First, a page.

Sep 27 @ 6:00 PM

Mariachi Loco de NY

Enjoy this concert of traditional Mexican mariachi music and dance, with performers in colorful costumes.

Sep 28 @ 6:30 PM

Jump Start Your Job Search: Motivating Monday

Looking for a job is one of the most stressful activities we do. It's easier if we don't do it alone. Join fellow job seekers for tea, cookies, stress relief techniques, and networking. For more information and to preregister, call 718-990-8625.

Oct 2 @ 10:00 AM

Tuesday Afternoon Movie

Tuesdays in October, we will screen the following movies at 2:00 P.M.:

10/3/2017: "The Milagro Beanfield War" (1988) 2:00 Rated: R Customer Suggestion
10/10/2017: "Selena" (1997) 2:10 Rated: PG Customer Suggestion
10/17/2017: "Ghostbusters" (1984) 1:45 Rated: PG Customer Suggestion
10/24/2017: "Unbreakable" ...

Oct 3 @ 2:00 PM, Oct 10 @ 2:00 PM, Oct 17 @ 2:00 PM, Oct 24 @ 2:00 PM, Oct 31 @ 2:00 PM

E-Books For Kids

Open up a new world of reading! Kids ages 7-12 can learn how to download e-books onto a tablet, phone, or PC using Queens Library's website and your library card. No registration will be required, but space is limited.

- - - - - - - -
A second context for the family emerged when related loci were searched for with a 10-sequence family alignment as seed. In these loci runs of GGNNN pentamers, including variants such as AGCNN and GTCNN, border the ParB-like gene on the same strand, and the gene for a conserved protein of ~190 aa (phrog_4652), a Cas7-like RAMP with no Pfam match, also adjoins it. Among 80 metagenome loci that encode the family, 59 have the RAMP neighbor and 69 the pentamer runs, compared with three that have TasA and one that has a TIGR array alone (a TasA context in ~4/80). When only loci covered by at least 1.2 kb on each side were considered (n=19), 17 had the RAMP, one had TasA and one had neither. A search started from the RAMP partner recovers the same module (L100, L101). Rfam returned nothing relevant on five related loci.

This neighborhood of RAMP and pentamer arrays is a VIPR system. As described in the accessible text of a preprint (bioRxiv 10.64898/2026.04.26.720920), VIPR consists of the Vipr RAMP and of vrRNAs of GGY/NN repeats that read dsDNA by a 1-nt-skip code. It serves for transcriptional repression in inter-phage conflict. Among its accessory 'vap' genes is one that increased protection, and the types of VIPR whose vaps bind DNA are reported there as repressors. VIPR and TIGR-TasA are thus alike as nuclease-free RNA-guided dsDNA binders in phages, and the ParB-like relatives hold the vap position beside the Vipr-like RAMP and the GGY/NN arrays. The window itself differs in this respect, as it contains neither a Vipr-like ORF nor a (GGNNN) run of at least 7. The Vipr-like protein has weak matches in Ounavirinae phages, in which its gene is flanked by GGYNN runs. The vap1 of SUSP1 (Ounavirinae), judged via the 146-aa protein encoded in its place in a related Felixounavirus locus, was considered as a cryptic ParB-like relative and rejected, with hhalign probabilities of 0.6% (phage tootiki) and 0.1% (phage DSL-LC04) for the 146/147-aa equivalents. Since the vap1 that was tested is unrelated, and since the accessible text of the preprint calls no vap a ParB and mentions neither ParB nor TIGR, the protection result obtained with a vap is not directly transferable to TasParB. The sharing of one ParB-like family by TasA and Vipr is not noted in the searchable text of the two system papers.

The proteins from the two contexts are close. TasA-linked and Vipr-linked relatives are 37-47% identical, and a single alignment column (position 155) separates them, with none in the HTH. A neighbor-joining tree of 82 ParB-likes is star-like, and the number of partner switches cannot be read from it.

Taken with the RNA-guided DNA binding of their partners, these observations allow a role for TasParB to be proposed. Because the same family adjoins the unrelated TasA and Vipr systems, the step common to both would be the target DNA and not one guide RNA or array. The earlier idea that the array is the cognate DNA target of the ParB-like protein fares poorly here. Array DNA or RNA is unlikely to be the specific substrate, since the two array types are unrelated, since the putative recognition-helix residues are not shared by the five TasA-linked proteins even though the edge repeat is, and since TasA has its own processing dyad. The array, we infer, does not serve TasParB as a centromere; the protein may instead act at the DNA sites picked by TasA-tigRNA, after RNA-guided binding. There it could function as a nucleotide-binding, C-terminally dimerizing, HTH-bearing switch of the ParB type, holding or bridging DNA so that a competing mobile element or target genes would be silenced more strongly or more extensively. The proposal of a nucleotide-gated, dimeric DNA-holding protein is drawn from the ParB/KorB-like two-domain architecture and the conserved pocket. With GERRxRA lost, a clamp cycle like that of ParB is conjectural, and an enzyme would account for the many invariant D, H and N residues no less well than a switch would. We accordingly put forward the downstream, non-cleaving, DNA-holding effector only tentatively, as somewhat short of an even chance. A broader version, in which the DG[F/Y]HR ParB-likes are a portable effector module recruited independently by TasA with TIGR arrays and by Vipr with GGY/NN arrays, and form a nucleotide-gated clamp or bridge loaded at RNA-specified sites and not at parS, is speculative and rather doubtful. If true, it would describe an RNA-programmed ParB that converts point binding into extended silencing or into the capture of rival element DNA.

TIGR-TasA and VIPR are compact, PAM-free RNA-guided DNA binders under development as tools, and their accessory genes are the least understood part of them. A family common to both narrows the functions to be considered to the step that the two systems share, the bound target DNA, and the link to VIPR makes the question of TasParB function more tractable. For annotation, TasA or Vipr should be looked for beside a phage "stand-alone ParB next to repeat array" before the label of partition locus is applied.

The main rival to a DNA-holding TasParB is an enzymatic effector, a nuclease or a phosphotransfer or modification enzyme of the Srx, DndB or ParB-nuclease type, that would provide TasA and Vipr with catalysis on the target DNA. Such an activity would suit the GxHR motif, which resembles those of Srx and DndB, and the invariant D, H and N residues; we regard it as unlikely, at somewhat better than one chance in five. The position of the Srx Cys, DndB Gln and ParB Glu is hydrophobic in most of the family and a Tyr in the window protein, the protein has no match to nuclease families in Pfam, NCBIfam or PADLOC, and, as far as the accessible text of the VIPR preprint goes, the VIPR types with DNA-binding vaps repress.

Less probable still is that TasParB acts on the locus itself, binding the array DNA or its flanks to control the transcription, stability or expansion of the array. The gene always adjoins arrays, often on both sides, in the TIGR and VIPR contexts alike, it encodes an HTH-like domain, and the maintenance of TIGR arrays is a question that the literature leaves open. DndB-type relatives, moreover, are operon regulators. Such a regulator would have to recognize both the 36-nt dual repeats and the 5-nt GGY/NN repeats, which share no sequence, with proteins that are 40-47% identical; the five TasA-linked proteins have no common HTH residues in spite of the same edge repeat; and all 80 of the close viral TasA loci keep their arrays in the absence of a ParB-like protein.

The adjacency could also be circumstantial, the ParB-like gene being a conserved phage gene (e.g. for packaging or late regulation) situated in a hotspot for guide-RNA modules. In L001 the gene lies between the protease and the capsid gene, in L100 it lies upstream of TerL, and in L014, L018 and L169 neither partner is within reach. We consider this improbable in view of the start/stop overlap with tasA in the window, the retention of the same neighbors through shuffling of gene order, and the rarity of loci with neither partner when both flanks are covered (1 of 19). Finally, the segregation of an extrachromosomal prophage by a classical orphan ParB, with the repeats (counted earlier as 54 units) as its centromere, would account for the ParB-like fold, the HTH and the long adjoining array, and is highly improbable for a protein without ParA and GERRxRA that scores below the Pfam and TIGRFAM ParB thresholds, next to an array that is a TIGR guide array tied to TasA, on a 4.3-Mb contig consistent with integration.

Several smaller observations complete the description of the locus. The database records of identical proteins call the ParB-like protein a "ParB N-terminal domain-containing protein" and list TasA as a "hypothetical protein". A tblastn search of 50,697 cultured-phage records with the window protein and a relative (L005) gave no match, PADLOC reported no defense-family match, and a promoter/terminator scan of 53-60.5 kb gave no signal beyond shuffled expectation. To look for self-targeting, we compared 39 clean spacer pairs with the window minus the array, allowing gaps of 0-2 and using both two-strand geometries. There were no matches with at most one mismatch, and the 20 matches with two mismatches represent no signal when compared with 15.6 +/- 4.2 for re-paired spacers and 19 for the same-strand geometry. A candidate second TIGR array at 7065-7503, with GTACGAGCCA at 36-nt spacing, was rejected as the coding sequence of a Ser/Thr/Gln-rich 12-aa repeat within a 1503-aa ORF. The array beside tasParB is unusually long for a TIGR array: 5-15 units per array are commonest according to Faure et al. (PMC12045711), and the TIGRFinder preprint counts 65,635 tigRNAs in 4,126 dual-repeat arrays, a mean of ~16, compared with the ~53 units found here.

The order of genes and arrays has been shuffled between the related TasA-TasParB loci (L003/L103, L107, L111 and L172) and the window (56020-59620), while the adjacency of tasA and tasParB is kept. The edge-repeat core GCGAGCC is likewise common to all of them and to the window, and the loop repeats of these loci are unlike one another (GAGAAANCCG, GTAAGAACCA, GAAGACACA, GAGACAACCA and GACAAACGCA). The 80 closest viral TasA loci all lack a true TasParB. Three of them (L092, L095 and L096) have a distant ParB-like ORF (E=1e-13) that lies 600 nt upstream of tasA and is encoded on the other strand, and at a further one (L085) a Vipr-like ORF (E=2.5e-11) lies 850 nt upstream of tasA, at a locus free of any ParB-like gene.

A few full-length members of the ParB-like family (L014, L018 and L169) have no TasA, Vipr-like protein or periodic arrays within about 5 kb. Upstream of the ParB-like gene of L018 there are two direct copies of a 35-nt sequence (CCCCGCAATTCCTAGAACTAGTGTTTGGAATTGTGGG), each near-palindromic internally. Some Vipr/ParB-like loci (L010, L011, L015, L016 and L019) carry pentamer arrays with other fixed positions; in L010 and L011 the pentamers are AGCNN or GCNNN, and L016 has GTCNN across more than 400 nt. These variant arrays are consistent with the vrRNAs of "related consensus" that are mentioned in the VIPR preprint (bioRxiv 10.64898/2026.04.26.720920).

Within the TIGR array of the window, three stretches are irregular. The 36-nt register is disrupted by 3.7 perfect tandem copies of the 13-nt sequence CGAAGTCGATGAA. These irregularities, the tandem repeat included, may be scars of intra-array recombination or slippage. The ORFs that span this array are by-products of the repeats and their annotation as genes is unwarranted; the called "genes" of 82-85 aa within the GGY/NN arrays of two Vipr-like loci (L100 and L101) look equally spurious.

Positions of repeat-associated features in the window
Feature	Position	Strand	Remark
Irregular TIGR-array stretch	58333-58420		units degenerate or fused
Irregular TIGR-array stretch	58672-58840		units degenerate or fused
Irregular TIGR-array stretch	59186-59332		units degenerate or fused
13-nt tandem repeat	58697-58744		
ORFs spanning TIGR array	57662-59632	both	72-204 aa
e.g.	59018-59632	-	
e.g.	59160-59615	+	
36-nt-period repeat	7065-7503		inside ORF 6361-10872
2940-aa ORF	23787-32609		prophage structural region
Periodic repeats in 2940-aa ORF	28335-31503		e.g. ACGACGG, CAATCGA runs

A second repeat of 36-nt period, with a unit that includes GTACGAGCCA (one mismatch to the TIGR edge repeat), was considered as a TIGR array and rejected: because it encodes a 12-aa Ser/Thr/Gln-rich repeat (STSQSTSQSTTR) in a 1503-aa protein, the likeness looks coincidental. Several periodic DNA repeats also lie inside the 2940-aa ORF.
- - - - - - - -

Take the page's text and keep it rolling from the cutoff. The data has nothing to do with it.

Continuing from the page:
Oct 3 @ 6:00 PM

There are no programs scheduled here at this time. Please check our Programs page for our other locations and programs you might be interested in attending.

Free computer access is available at all the libraries.

The Laurelton Community Library has:

  • 27 public computers
  • 9 laptops for homework help
  • Free Internet access
  • Microsoft Office software
  • Limited free printing

 

Queens Library Public Internet Use Policy.

TBD

TBD

TBD

TBD

image

image

image

image


International Language Collections at the Laurelton Community Library include:

  • Creole
  • French
  • Spanish

 

Special Interest/Noteworthy Collections at the Laurelton Community Library include:

  • Black Experience
  • African American popular fiction
  • Ob tape and CD and an extensive DVD/Video

 


Child Care / Preschools
Community Board
Community Organizations & Services
Fire Department
Local Hospitals
Local Newspapers
Parks and Playgrounds
Police Department
Post Office
Private / Parochial Schools
Public Elementary Schools
Public High Schools
Public Intermediate / Junior High Schools
Senior Centers